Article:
Creating a sanctuary After doing some research online, Pastor Osborne came across the Adopt-A-Cop program, a nationwide initiative in which participating groups, families and individuals pray for police officers to shield them from the harms they may face in the line of duty. “The goal of this ministry is to have each law enforcement officer covered with an umbrella of prayer protection every day,” says Chaplain Clif Cummings, a spokesperson for the Adopt-A-Cop organization. Pastor Osborne contacted the organization about starting a chapter and found that there wasn’t a single one operating in the state of New Jersey. Her chapter is called “Angels With Broken Wings,” but she hopes to go beyond prayer and make Bethel a welcoming place for officers to gather in fellowship. “I want to open up these doors to allow them to come as a sanctuary for them,” Pastor Osborne says. Pastor Osborne says she sees Bethel becoming a place where officers can get food, water, rest, or simply a place where police can meet with community members and break down misconceptions. She says too often both police and community members have preconceived notions about one another that aren’t always accurate and can be a barrier to healing. “There’s good cops and there’s bad cops.There’s good people and bad people,” Pastor Osborne says. “We have to stop that stereotype.”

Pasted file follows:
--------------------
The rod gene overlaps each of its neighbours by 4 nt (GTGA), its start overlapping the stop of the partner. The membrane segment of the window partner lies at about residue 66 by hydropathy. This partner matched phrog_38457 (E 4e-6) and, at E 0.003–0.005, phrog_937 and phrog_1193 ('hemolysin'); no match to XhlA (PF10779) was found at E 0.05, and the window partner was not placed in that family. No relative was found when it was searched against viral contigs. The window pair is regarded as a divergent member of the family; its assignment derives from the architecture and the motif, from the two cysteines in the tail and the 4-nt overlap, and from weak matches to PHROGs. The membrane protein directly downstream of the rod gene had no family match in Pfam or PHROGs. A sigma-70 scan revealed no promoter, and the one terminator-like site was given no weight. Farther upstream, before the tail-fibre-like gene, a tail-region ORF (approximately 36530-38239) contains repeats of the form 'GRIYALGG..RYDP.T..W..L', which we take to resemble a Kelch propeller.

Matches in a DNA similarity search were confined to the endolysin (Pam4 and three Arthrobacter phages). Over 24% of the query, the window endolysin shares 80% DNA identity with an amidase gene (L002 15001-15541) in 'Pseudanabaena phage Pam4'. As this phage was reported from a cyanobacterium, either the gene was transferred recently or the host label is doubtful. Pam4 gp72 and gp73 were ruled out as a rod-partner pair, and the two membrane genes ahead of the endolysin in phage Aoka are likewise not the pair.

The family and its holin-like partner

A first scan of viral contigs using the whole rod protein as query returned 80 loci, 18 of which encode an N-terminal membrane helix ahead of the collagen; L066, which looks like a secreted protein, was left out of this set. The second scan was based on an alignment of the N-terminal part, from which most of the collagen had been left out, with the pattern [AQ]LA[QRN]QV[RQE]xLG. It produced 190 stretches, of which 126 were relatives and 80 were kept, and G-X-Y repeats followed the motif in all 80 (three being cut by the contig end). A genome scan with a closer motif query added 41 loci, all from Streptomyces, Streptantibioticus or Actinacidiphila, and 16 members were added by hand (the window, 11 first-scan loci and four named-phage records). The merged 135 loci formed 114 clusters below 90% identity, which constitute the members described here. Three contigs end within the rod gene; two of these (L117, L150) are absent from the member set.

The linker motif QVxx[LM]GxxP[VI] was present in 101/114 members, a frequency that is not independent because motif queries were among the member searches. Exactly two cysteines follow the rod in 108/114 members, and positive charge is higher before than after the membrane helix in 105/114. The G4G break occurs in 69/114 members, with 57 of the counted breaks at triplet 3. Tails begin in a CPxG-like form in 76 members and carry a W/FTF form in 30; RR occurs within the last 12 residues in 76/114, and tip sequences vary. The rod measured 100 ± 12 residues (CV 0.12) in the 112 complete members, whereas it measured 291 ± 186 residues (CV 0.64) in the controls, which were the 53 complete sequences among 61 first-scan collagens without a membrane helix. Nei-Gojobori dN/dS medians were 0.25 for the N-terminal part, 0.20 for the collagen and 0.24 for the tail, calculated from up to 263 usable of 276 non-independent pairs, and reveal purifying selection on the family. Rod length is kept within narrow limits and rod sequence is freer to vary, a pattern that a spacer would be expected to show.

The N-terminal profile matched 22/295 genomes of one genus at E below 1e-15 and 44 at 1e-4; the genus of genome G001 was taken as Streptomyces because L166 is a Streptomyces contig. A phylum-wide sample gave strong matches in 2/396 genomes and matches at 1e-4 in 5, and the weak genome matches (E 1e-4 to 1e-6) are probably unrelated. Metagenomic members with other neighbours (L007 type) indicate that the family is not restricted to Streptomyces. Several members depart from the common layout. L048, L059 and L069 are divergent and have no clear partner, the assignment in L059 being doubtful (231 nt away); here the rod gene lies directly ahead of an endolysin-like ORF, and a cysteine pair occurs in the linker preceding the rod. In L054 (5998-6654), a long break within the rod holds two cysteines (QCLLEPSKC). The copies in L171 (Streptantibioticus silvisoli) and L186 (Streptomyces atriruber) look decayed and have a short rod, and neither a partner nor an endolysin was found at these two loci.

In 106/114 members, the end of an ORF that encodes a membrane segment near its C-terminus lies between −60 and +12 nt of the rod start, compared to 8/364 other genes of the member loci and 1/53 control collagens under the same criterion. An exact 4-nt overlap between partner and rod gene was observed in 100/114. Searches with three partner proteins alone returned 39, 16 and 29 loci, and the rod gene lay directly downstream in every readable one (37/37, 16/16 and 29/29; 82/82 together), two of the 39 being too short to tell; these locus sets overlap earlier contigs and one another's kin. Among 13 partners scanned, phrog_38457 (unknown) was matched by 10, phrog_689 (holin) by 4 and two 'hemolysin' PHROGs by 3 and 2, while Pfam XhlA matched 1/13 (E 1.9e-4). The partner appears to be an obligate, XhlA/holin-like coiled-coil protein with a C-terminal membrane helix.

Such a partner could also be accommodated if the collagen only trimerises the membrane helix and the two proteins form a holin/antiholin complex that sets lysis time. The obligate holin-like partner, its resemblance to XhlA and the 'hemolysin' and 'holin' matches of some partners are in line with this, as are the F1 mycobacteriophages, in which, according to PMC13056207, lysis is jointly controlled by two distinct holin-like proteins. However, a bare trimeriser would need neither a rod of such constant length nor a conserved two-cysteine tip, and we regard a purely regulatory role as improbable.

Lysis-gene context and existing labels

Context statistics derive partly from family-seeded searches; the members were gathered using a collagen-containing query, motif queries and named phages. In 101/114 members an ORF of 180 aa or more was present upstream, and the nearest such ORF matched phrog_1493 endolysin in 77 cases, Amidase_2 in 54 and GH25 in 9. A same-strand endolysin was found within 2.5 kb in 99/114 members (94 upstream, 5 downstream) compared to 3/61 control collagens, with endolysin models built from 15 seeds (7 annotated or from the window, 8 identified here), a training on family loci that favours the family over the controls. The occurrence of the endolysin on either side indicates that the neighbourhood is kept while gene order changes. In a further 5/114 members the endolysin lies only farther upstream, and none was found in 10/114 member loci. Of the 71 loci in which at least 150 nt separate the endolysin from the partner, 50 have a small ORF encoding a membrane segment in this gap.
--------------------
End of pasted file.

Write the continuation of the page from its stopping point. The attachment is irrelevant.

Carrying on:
“It’s not about race, it’s about understanding.” -Pastor Felicia Osborne

Healing old wounds Pastor Osborne says she understands the anger and frustration that people feel towards police, but believes that opening lines of communication is the best way to benefit the community as a whole. “A lot of times there’s a lot of anger with people that we get in the program because they’ve been incarcerated and gone through the system,” Pastor Osborne says. “I just want to make that a better feeling on both sides.” With Bethel located in a dangerous area of Newark where people lose family members all too suddenly and too often, Pastor Osborne says there is an inherent need for police and the community to work together. She says she will be bringing the idea to city leaders and other organizations in hopes of garnering further support, and she plans to hold meet-and-greets between residents and police officers. She says she’d also like to have some police officers get involved in Bethel’s youth camps, and hopes that one day people can look past the badge, and officers can look past a person’s skin color, to join together in a mission of peace. “It’s not about race, it’s about understanding.” 

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